If you’re buying cherries to boost your chicken’s nutritional intake, however, combining it with other components is the best way to create a healthy treat that’s both a good source of protein and contains a range of essential nutrients.
A homemade trail mix made up of scratch grains, a few meal worms, some chopped-up cherries, and a sprinkling of sunflower seeds will give you much healthier chickens than if you offer them leftover pizza or other junk food.
Similarly, fresh fruit is far more beneficial to your chickens’ health than three-day-old kitchen scraps or moldy food, both of which could cause potentially fatal digestive problems.
Could Sour Cherries Make My Chickens Choke or Croak?
If you’ve ever wondered, “Can chickens eat chokecherries?” for example, the answer is, confusingly, both yes and no.
While the fleshy part of the fruit is safe to eat, almost every other part of the tree is toxic. The seeds, bark, twigs, and leaves all release cyanide when digested, causing disaster in the chicken coop.
Other kinds of cherries are similarly unsuitable as treats for chickens.
The Jerusalem Cherry, for example, belongs to the nightshade family, and, as such contains alkaloids that can “cause appetite loss, increased salivation, weakened heart rate and trouble breathing.”
It’s important to keep our cherry concerns in context, however, and there are over 1,000 different types of cherry in the world, most of which have health benefits for chickens.
Not only do most species of cherry have anti-inflammatory properties, but they also contain a variety of vitamins that can boost your chickens’ egg production capabilities and keep their digestive tracts operating effectively.
Although we tend to assume that all fresh fruit is as good for our chickens as it is for us, this isn’t always the case.
Take the humble apple, for example. It has good nutritional content but could kill a chicken if not prepared correctly.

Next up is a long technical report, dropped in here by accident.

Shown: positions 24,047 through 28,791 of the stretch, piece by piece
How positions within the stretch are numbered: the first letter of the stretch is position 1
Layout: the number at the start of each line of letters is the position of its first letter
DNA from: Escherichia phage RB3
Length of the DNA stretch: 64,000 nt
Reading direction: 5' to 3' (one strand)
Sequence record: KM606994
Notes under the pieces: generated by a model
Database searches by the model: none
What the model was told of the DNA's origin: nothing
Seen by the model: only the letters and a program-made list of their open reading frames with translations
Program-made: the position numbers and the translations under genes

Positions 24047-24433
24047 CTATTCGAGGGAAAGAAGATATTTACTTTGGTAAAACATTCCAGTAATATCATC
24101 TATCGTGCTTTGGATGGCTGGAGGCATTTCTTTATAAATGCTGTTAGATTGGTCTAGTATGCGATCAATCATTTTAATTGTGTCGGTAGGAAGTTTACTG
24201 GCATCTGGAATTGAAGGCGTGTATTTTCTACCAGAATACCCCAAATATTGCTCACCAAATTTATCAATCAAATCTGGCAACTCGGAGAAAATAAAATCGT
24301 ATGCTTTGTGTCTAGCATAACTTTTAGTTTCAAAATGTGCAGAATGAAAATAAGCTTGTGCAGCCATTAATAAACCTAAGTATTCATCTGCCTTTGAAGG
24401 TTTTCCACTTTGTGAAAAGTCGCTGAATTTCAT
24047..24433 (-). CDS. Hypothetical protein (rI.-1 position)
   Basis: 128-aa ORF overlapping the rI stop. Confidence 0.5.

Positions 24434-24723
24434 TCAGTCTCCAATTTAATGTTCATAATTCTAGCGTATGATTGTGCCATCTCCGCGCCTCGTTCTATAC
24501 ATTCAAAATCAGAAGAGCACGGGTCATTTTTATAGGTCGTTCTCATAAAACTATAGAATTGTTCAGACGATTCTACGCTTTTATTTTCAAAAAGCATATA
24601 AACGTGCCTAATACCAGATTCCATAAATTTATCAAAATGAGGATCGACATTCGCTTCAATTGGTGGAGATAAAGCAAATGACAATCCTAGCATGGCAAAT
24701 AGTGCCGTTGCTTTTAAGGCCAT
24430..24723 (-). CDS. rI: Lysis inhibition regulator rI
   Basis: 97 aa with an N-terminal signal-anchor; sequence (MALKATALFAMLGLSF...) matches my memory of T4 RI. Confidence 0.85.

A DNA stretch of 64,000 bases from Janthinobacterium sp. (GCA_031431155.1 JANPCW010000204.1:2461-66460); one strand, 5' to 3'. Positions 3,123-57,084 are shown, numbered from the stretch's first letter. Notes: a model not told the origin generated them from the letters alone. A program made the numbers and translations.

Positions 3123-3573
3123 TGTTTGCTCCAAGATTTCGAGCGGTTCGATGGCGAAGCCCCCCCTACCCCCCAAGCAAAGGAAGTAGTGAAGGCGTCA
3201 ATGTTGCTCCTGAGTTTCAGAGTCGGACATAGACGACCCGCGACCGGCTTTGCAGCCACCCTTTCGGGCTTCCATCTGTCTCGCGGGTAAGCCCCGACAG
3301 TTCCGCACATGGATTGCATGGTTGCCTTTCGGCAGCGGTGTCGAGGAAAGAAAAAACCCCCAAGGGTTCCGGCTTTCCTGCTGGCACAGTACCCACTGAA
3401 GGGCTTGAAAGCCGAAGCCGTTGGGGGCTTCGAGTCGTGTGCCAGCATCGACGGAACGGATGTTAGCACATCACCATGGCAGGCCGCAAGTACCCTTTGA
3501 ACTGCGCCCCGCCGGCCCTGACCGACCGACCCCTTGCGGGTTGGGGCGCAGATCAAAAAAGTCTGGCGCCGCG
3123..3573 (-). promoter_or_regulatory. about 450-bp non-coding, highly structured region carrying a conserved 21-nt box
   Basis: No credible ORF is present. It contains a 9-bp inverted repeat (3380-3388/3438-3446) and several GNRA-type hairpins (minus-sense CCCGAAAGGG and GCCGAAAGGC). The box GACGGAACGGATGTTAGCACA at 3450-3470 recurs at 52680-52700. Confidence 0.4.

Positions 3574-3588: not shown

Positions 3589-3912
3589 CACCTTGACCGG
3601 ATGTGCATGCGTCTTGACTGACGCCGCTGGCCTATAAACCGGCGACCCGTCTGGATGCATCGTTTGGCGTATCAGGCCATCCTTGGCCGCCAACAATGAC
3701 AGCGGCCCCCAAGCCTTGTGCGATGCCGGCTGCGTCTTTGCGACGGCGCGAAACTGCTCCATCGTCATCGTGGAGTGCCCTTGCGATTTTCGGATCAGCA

Far more dangerous than cherries with pits, apples with their pips still in contain much higher levels of cyanide and could easily wipe out your backyard flock.
Can Chickens Eat Cherries FAQ
So, Can Chickens Eat Cherries?
Just as berries are considered to be human superfoods, so they are a good source of nutrition for your chickens.
Feeding cherries to chickens is a good way to boost their levels of vitamin C and A, although some chicken owners recommend removing the pits before adding them to the feed bucket.
For the most part, chickens are clever enough to avoid the toxic elements and will focus on consuming the juicy flesh of the fruit, rather than concerning themselves with the less palatable and potentially toxic pits of cherries.
While cherries have antioxidant properties, not all fruits are nutrient-dense, and some may have adverse health consequences for your flock.
Apple pips are particularly dangerous, for instance, as are avocado skins and green tomatoes, which contain solanine.
Feeding your chickens the occasional sweet treat brings pleasure to both you and your flock, but too much can lead to obesity and a drop in egg production, so try to balance the sweet cherries with other healthy foods, like pumpkin seeds and oyster shell.
I’m lucky enough that my chickens have access to a variety of different fruits that help to supplement their diets during wintertime when there are fewer bugs and grubs for them to enjoy.
I’m also fortunate enough that they enjoy fruits, like guava, which I detest.
I doubt I’m going to rush out and buy my chickens a punnet of cherries for breakfast but, should an abundance of berries come my way, I’ll happily share them with my feathered friends.